Although the causes of brain meningioma are not completely clear, doctors know that radiation exposure and a genetic disorder called neurofibromatosis type 2 put individuals at risk for the tumors, according to WebMD. The hormone progesterone and head injuries may also be a factor. Although a study did not confirm injury as a cause of meningioma, the tumors develop near the sites of previous skull fractures or scarred membranes.
Meningiomas are the most common type of central nervous system tumor, explains WebMD. Ninety percent of them are noncancerous, but some can become cancerous later. Although they can form in the spinal cord, most meningiomas develop in the brain. They occur on the three layers of membranes that cover the brain and spinal cord, called the meninges.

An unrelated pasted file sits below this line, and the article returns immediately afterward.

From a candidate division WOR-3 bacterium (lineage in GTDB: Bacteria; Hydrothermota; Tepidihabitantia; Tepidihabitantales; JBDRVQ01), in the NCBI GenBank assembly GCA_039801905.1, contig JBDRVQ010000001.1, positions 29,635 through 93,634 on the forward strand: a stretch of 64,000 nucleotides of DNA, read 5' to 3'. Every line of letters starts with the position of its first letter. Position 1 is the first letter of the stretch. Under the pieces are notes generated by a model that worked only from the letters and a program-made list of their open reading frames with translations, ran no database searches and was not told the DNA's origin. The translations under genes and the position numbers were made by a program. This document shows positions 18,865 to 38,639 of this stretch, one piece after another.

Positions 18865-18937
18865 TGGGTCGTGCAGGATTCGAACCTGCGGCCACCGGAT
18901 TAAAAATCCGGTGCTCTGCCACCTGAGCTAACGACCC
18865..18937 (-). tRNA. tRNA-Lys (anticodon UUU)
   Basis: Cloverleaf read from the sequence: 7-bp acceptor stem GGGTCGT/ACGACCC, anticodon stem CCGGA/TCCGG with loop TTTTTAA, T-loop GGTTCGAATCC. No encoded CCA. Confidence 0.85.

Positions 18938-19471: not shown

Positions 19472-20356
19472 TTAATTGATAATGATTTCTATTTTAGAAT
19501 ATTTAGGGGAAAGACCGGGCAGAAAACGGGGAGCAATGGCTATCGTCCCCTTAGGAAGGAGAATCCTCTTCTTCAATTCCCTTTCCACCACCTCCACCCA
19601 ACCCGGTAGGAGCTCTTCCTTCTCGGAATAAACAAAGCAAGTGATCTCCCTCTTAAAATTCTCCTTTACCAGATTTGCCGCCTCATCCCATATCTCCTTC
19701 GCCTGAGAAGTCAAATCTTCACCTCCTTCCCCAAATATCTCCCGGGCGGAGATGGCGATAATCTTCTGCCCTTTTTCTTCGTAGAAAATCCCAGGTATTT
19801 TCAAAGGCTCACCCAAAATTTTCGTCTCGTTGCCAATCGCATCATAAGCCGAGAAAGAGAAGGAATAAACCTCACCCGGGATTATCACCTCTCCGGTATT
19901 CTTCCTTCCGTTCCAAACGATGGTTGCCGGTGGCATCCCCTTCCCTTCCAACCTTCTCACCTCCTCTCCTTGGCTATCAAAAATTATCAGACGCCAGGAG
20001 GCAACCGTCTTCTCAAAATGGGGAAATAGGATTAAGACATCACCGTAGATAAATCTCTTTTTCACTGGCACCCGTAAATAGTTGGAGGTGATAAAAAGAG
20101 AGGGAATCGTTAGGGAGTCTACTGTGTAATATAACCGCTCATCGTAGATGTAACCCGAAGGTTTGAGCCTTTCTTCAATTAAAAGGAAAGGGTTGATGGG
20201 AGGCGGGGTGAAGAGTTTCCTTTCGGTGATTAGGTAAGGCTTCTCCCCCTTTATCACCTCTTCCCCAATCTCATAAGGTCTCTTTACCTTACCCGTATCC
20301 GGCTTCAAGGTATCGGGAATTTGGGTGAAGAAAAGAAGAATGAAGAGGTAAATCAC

The tumors usually grow very slowly, and some require no treatment. However, some tumors cause severe problems as they grow larger, and sometimes a meningioma can be fatal. Women are twice as likely as men to develop meningiomas, states WebMD. Most tumors develop in people between the ages of 30 and 70. Symptoms of meningioma include blurred vision, speech problems, headache and seizures. Some patients also experience numbness and weakness in the arms or legs.